The file of international isolation is the most important and dangerous file for the Taliban, which seeks to search for any opportunity through which to get rid of this deep problem that shackles its movements, whether at the internal or external level. Although the Taliban formed an interim government that imposed control over the country immediately after seizing power, it has not yet gained international recognition as the ruling authority of the country, and the movement continues its uninterrupted contacts in this regard with many parties and countries that cooperate with it, including Qatar, which it considers a good mediator through which it may obtain this opportunity.
The summit of the Taliban’s dreams of reaching international recognition came during the international meeting that was held in early May in the Qatari capital, Doha, which included UN Secretary-General Antonio Guterres and a group of international representatives to discuss the humanitarian situation in Afghanistan. Although the meeting was devoid of Taliban representatives, it represented a great hope for the movement in obtaining international recognition after the statements of UN Deputy Secretary-General Amina Mohammed, who hinted a few days before the conference, during a meeting she attended in the United States, about the possibility of reaching a preliminary recognition of the Taliban movement.
However, the meeting held in Doha did not meet the Taliban’s desire, and this time it disappointed its hopes of obtaining what it wanted, as its outputs carried something like condemnation of the movement’s actions with humanitarian organizations, especially the file of women working in humanitarian agencies and organizations, which the movement does not wish to deal with as part of its general policy against women.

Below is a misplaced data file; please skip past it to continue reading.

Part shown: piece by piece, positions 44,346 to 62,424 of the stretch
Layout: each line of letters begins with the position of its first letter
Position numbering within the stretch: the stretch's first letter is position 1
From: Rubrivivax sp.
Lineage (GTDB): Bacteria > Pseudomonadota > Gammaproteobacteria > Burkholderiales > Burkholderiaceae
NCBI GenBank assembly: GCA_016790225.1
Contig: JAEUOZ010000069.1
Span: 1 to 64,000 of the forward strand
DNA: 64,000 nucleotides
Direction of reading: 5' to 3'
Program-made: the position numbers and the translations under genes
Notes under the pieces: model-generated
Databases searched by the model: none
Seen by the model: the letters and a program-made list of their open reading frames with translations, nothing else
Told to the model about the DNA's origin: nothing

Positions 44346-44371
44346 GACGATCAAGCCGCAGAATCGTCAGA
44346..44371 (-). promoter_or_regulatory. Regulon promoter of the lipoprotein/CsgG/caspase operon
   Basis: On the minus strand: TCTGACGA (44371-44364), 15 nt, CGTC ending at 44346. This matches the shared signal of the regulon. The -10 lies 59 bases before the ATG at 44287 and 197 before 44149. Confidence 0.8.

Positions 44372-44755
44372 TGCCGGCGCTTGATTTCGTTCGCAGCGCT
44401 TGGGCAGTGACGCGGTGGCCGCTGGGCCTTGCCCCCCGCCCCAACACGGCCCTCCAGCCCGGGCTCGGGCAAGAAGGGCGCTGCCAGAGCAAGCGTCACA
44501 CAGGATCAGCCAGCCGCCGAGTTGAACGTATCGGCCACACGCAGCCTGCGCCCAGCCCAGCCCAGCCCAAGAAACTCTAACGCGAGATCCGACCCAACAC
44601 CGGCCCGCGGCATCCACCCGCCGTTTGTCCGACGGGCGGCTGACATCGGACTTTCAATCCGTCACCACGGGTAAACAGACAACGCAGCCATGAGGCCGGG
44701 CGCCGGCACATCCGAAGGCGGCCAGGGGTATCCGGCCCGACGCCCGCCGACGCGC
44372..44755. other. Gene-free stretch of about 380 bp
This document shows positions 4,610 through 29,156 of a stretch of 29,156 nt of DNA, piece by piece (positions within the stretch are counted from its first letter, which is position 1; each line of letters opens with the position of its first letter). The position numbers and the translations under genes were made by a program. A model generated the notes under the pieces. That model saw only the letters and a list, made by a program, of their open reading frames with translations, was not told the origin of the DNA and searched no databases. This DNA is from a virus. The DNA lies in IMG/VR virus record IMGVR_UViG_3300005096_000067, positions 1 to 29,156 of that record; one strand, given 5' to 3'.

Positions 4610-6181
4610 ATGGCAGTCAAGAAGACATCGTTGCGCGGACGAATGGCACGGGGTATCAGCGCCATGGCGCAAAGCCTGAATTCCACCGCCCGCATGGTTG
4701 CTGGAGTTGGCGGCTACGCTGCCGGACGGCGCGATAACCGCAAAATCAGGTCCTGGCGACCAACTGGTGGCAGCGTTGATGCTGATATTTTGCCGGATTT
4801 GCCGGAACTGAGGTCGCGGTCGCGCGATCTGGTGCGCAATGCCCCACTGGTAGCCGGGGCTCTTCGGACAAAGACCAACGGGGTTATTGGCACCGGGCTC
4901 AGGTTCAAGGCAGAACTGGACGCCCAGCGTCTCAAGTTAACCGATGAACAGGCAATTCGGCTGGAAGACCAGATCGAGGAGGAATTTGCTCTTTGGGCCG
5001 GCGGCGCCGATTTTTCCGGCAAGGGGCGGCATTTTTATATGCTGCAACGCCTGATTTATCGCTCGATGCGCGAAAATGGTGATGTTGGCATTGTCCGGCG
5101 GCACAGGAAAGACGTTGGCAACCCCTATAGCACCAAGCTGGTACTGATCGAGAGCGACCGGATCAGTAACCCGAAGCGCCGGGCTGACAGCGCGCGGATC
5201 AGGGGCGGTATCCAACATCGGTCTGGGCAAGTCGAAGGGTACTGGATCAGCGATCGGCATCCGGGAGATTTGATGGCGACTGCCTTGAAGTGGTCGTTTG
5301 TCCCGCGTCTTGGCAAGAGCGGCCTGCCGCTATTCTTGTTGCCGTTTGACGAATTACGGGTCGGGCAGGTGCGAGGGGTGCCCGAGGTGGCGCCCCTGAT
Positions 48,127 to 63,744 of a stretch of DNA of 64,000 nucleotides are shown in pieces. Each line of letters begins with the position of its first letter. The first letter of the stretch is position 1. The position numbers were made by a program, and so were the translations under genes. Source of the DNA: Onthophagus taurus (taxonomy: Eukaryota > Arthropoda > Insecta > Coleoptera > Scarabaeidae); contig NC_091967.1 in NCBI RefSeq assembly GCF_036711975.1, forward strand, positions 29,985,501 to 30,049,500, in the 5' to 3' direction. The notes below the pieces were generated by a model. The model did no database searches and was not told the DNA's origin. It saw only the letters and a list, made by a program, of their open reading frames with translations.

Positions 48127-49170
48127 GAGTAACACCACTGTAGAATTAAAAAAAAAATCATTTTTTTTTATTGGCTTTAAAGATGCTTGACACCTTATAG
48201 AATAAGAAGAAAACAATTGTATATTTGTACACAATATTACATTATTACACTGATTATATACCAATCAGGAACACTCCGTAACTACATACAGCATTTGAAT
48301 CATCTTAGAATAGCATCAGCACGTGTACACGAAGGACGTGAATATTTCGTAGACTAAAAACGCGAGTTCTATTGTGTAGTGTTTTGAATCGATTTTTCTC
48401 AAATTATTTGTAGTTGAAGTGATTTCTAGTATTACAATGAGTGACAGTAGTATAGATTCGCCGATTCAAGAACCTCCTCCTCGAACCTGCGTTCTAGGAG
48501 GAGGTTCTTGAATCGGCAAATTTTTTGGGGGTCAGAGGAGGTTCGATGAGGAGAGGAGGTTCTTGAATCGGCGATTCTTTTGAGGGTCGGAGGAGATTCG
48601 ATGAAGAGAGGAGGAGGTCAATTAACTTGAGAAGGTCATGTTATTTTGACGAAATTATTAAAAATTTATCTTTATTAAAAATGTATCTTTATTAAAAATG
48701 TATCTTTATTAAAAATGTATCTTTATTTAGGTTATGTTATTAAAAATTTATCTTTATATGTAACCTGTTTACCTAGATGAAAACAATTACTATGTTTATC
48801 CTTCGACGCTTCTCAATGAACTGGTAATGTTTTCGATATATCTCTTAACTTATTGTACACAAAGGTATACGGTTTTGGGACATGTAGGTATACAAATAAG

Qatar is considered one of the important stops for the Taliban movement in communicating with the world, especially since the United States has given Doha the mandate to manage its interests in Afghanistan after its withdrawal from the country in August 2021 and after no longer having diplomatic representation in the country. Thus came the importance of the unannounced visit of Qatari Foreign Minister Sheikh Mohammed bin Abdulrahman Al Thani to the headquarters of Taliban leader Haibatullah Akhundzada in Kandahar, far from the capital, Kabul, in mid-May, which was only recently revealed through leaks about the visit in a number of media outlets, including Reuters.
The visit reflected the Taliban’s desire to discuss ways to end its international isolation. According to Reuters, the meeting took place on May 12 in Kandahar, the first meeting between Taliban leader Haibatullah Akhundzada and a foreign official at a high level.
According to Reuters, US President Joe Biden was in contact with the parties to the meeting to coordinate on the issues raised in the talks between the two parties.
Dr. Mohamed Abdel Razek, an expert specializing in Asian affairs, explained that the Taliban views these meetings as a lifeline from the international isolation imposed on them, and they hope to reach a solution that contributes to alleviating the deteriorating humanitarian conditions in the country.
He pointed out in a special statement to the Reference that offering indirect coordination with the United States through Qatari mediation may lead to a resolution to the crisis of Afghan funds frozen in American banks, which would contribute to the revival of the Afghan economy.
Abdel Razek confirmed that this visit revived hope among the Taliban movement that the dream of international recognition is still possible, especially since US Secretary of State Antony Blinken recently confirmed his appreciation for this meeting, which indicates the possibility of the Taliban getting out of international isolation through indirect talks through mediators supporting the movement, including Doha, which hosted the talks between the Taliban and the United States before the movement seized power in August 2021.